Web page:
I'm sure if it was Obama serving that to his guests, everyone would be totally fine with it. It's just because it's Bush and the Haters are running out of time to criticize every move he makes. I know I'll have 4 years to do my share of criticizing.....

    November 14, 2008 08:26 pm at 8:26 pm |
  11. Jewel

    @ David .C

    I concur... with your comment and value your understanding.

    It appears ..Everyother ..person personally just wants to pick anything up from a News for an comment without even a rationalize thought..

    Governments would always be Blamed for ' something ' which does not sometimes warrant Discussions..
    It is as usually the MEDIA ... which makes a NEWS and Breaks the Careers.

    November 14, 2008 08:27 pm at 8:27 pm |
  12. Drew

    So let's see, a $500 bottle of wine bought at wholesale is what, $250?

    I'm glad that I worked about two weeks to give the federal government enough to buy wine for a bunch of rich men. WAIT! I'm looking into this too much... Let them continue to spend MY money on themselves.

    November 14, 2008 08:27 pm at 8:27 pm |
  13. Duop in Great State of Colorado

    World leaders should do nothing but hiring Chief Executive and Chief Strategic Thinkers to deal with this global economy crisis.

    November 14, 2008 08:27 pm at 8:27 pm |
  14. Patrick A. Barnett

    I am wondering where this information comes from. I am a wine collector. The highest price I can find in the country for this wine is $259.99. That is a dream price for suckers. Auction reserves range from $135-170, which would be tough to get in this economy. Bought wholesale when issued thes bottles probably cost about $60-75. I am presuming that the "bottles" in question are magnums, a double size bottle, or the else the pricing information is fictitious.

    This is too much for anyone to be paying for a wine on the taxpayers dime, they should be drinking water, but the story is a gross exaggeration.

    November 14, 2008 08:27 pm at 8:27 pm |
  15. Rob B

    Maybe they should have served Boonesfarm Strawberry, or maybe some Champipple, a mix of Alittle Chapmpaigne and Ripple....Lmao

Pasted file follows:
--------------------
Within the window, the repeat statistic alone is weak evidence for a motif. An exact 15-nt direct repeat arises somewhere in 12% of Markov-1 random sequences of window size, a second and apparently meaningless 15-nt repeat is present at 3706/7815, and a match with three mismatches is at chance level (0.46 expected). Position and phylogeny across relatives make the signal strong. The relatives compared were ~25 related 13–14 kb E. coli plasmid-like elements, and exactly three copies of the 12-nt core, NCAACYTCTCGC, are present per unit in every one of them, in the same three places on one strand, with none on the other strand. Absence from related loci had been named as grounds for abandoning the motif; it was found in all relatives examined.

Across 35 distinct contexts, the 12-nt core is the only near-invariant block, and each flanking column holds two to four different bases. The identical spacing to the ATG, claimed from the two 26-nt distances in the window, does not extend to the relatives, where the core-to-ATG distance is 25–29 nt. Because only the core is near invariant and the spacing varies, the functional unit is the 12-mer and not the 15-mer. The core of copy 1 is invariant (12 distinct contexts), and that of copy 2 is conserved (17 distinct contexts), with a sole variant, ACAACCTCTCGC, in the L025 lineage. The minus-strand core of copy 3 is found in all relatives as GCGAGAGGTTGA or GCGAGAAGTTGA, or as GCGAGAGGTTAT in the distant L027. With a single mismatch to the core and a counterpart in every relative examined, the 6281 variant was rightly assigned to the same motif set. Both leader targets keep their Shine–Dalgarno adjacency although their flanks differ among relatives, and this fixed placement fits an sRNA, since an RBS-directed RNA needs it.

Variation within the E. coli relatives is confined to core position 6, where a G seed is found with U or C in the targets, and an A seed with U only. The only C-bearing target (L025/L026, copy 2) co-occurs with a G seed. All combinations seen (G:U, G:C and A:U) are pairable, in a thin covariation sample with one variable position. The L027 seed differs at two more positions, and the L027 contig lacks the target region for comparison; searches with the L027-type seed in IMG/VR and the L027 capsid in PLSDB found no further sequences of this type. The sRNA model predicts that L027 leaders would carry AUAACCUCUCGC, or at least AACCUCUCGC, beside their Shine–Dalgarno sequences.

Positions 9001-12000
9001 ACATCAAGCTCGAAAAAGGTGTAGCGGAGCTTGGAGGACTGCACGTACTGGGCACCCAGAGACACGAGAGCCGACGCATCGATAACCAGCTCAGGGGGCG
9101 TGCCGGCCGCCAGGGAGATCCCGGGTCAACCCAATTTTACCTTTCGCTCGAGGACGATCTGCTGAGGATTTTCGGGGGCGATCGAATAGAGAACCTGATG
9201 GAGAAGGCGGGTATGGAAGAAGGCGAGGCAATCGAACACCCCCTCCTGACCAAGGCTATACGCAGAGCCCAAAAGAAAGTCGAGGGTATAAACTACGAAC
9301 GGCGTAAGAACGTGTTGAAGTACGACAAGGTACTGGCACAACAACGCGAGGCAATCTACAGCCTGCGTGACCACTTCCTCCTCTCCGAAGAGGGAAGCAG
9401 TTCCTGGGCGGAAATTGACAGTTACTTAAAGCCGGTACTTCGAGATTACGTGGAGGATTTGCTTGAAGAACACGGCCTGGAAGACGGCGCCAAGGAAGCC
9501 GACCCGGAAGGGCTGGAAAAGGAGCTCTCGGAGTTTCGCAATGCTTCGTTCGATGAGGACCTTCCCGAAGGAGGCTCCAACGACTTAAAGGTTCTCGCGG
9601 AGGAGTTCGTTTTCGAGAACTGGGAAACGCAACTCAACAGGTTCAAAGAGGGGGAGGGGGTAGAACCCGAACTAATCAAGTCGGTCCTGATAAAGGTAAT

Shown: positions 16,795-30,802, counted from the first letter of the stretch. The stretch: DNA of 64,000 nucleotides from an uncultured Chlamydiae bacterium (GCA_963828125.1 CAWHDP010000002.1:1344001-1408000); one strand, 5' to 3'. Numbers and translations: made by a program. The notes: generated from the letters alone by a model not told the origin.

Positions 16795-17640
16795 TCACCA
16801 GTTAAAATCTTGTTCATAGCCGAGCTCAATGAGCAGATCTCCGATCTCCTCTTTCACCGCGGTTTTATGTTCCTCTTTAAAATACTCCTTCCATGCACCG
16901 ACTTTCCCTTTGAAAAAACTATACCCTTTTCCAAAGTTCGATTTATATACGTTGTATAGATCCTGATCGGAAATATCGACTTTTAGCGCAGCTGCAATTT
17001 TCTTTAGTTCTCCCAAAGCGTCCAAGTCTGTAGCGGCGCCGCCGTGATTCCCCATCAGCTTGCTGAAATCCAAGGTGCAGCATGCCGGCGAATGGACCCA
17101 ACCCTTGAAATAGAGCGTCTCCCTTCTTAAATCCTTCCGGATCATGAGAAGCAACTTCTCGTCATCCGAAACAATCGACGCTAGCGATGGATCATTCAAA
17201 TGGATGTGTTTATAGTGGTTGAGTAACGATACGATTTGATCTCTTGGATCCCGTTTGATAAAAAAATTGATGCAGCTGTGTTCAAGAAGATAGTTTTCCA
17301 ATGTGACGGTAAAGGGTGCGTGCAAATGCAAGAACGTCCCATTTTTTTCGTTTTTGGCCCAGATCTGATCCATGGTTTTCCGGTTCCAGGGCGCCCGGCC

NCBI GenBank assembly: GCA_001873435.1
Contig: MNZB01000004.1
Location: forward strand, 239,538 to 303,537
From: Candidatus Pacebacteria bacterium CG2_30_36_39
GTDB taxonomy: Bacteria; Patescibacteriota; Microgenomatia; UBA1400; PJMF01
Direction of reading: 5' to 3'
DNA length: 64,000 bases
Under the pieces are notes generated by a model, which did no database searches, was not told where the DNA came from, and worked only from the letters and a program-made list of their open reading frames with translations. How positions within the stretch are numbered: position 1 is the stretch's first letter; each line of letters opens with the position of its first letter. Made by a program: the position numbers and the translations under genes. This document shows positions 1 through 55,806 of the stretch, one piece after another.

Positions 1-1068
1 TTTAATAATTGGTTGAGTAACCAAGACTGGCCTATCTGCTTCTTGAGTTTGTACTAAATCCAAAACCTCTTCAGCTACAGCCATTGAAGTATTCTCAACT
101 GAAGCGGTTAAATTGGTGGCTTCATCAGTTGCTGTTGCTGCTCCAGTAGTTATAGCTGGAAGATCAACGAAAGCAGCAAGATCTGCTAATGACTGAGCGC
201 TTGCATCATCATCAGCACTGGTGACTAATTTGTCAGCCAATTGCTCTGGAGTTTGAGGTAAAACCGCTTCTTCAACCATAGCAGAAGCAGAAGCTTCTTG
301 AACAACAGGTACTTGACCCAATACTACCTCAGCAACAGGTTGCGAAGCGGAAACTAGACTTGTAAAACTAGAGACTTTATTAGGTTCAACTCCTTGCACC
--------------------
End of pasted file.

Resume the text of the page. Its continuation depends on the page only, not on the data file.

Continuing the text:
November 14, 2008 08:28 pm at 8:28 pm |
  16. Ben Loeb

    This story is ridiculous. We're talking about heads of state. Would it be better to take them through a drive-thru restaurant? The contributor of this story need to be asked what the motivation for this investigation is. I'm a liberal, but I agree that heads of state should be treated with the best our countries hospitality can provide.

    November 14, 2008 08:28 pm at 8:28 pm |
  17. jim

    It's comforting to know that world leaders will be drunk while discussing solutions to the global financial crisis.

    This is exactly why government is the problem and not the solution.

    November 14, 2008 08:28 pm at 8:28 pm |
  18. heimo

    is there nothing better to worry about.
    we are facing trillion dollar deficits, incredible bankrupcy possibilities and a severe reduction and adjustment in our livestyle and then worry about Bush's fare well party? give me a break.

    November 14, 2008 08:28 pm at 8:28 pm |
  19. Bernie

    I would not expect the writer of this article to name all twenty countries involved in the G20 but you would think that the United States largest trading partner and the country currently with the most secure financial system in the world would be mentioned. CANADA!

    November 14, 2008 08:29 pm at 8:29 pm |
  20. astute accountant

    Wow, if they had 1,000,000,000 of those bottles they could pay for the bailout, almost. It is ludicous to think that you would serve world leaders anything less than $500 a bottle.

    November 14, 2008 08:29 pm at 8:29 pm |
  21. Polly

    What's for dessert? I don't know why this is news.

    November 14, 2008 08:29 pm at 8:29 pm |
  22. Scam

    ok ok david c.......i just had two friends laid off

    How can stuff turn upside down like this....overnight...no warning at all over the past 8 years.....

    No "whoa"....no "slow down"

    it feels like you cant even trust the National Reserve or these "Brainiacs" over at the treasury not to eventually rob you ......and tell you its for your own good.....
    every day i can empathize with the American Indian a little more.

    Truth be told

    "Heads need to roll for this, Heads must roll" metphorically speaking

    November 14, 2008 08:30 pm at 8:30 pm |
  23. Finally!

    I hate government waste as much as anybody else, but this is totally appropriate. Most of these folks travelled half way around the world.

    Bush is already perceived as a goat roper. His staff NEEDS to break out the good stuff.

    November 14, 2008 08:30 pm at 8:30 pm |
  24. Full of Bush

    **
    so much the "40" and a "corn dog" from the local Town Pump.
    .

    November 14, 2008 08:31 pm at 8:31 pm |
  25. Michael

    Thomas Jefferson was the first president to be a great devotee of wine, but at the time it was French wine. His comments are still often cited in wine circles. He spent a small fortune on the stuff. A more recent fan has been Clinton (no big surprise). Bush is not a tea totaller, but is apparently not an oenophile. A wine like the one they are having – a very, very good US wine, but not the top of the heap – seems to me completely appropriate. What did they pay for it? Well, that wine was about $100 on release, at retail. I suspect the White House kitchen paid under $50.

    November 14, 2008 08:32 pm at 8:32 pm |